Jason June (it’s a two-name first name, like Mary-Kate without the hyphen or the Olsen twin) is a writer mermaid who loves to create picture books that mix the flamboyantly wacky with the slightly dark, and young adult contemporary queer rom-coms full of love and lust and hijinks. When not writing, JJ zips about Austin, Texas, with his Pomeranian, Pom Brokaw. His work includes the queer-inclusive Valentine’s Day picture book, Porcupine Cupid; the whimsical chapter book series, Mermicorn Island; and the YA rom-coms, Jay’s Gay Agenda (out now) and Out of the Blue (May 31, 2022).
I had the opportunity to interview Jason June, which you can read below.
First of all, welcome to Geeks OUT. Could you tell us a little about yourself?
Thanks so much for having me! My name is Jason June (it’s a two-name first name, like Mary-Kate but without the hyphen or the Olsen twin), and I’m the author of Jay’s Gay Agenda and the upcoming Out of the Blue. I love writing YA featuring the love lives and shenanigans of queer characters!
When did you know you were first interested in writing, and what drew you specifically to Young Adult Fiction?
I’ve been writing my entire life! I actually started by writing down word for word the dialogue in the movie Labyrinth starring David Bowie and Jennifer Connelly. I was probably seven years old and completely robsessed with that movie. But in that moment I realized the magic of a movie started with the words in a script. And then I became completely smitten with words in general, and read like my life depended on it. My love for YA came about a few years ago, after a few failed attempts at publishing middle grade fantasy. I needed a palate cleanser to just clear my mind, and became totally wrapped up in contemporary YA and how there is magic in real life that doesn’t have to be literal fairies or witches or potions, but the sort of electric buzzing that occurs when we’re creating strong connections in our teen years.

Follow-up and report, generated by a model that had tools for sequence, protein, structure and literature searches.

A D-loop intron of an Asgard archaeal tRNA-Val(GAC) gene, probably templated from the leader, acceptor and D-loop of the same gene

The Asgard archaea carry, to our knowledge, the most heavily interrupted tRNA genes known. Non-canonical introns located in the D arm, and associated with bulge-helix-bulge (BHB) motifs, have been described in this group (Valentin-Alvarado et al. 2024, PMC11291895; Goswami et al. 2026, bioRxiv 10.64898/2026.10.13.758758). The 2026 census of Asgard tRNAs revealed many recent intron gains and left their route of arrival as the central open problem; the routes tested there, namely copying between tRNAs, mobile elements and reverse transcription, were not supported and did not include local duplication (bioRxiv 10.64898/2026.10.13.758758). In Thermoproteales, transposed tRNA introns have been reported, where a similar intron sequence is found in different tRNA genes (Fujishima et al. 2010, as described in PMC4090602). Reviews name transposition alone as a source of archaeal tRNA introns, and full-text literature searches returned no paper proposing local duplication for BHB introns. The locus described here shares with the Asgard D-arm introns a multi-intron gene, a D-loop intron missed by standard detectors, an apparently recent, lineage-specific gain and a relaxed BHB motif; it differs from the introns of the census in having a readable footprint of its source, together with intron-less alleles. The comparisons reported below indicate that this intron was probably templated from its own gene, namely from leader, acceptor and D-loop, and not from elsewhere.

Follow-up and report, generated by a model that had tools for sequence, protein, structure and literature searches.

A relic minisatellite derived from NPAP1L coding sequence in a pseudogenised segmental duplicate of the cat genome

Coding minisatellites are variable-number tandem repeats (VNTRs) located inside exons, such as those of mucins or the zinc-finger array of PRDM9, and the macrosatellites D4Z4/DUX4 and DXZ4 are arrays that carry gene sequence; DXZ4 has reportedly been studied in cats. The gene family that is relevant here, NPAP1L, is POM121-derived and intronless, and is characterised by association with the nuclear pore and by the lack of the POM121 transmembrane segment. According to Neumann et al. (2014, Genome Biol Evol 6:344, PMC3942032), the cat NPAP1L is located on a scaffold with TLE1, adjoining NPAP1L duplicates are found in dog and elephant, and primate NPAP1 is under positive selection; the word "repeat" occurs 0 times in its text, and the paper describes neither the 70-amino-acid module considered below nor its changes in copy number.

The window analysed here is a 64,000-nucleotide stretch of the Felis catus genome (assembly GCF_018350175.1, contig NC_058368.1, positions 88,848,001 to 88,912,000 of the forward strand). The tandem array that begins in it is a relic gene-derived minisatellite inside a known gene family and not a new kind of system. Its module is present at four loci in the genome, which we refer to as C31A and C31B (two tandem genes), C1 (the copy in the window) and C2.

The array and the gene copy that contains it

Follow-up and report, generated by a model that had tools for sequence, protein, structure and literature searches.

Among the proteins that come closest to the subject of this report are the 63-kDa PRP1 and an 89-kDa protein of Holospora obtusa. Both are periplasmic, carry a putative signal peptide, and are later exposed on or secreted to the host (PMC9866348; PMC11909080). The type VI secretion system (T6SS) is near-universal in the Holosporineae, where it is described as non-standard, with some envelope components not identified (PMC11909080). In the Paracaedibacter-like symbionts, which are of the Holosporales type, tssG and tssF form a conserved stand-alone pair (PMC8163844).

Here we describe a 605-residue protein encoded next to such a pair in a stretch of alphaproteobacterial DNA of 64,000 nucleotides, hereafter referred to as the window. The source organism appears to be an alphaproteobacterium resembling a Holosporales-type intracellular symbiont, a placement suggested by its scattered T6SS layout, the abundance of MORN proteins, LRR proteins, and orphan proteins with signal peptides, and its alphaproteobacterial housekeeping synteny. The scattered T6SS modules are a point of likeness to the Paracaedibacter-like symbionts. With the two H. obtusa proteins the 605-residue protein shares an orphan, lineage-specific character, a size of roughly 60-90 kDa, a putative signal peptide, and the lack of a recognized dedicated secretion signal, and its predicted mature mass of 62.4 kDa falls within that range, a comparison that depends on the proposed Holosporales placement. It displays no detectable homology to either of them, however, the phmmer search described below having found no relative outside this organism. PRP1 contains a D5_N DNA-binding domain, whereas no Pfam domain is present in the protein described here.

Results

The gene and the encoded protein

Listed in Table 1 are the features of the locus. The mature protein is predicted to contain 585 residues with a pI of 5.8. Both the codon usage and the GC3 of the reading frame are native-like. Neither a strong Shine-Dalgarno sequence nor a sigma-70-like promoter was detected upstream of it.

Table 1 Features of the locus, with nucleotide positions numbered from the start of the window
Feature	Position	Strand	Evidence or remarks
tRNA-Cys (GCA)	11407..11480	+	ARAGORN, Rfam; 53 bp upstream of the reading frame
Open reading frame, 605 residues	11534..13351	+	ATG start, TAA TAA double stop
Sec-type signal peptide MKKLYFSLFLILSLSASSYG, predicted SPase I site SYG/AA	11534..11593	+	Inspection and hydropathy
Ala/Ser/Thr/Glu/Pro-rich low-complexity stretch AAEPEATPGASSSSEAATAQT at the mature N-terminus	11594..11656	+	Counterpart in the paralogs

Where did the inspiration and the impetus to write your debut book, Jay’s Gay Agenda come from? (Also I’m very curious how you came up with the title.)
JGA is very loosely based on my experiences as the only out queer kid at my rural eastern Washington high school. While I didn’t keep my gay hopes and dreams in a list, I did have a diary that detailed all I couldn’t wait to experience when I finally met another gay person. I didn’t get to jump into a queer community until college, but I used that diary as the seed for the book along with my Type-A Virgo tendencies of list-making, which led to the creation of the titular Gay Agenda. I specifically wanted Gay Agenda in the title because I think it’s hysterical that some people think there is this Queer Master Plan, and instead wanted to show how each person in the LGBTQIA+ community has their own individual relationship wants and goals, and the chaos and joy and magic that can come about when you actually start accomplishing them.
One element that people have seemed to responded to is the open discussion about sex positivity in Jay’s Gay Agenda? (Also on a small note, as an asexual person, thanks for the brief asexual acknowledgement.)
I’m really happy that people have responded so well to the sex positivity in the book. Going in, I knew that was something I wanted to include in this story because starting around the age of 15, I was thinking about sex constantly, but everywhere I looked I was told that my desire was wrong. So JGA was made to be an antidote to that, to show gay teens that as long as everything is safe and consensual, their physical desires are just as beautiful as anyone else’s. It’s part of human connection for so many of us! And thank you for the thanks! I think it’s important to note in any sex positive discussion that all sexualities are fabulous!
Something I’ve noticed with a lot of queer authors is often they write the books that they wished their younger selves would have wanted. Was this in any way true for you?
Absolutely! I needed to know I wasn’t alone when I was a teen in my relationship and physical hopes and dreams, but minus a selection of books I could count on less than one hand, I couldn’t find many books that I felt truly represented me. It’s why I pretty much stopped reading for enjoyment in high school and didn’t really get back into it until after college. It’s now super important to me to write stories that will always center a queer protagonist and queer relationships.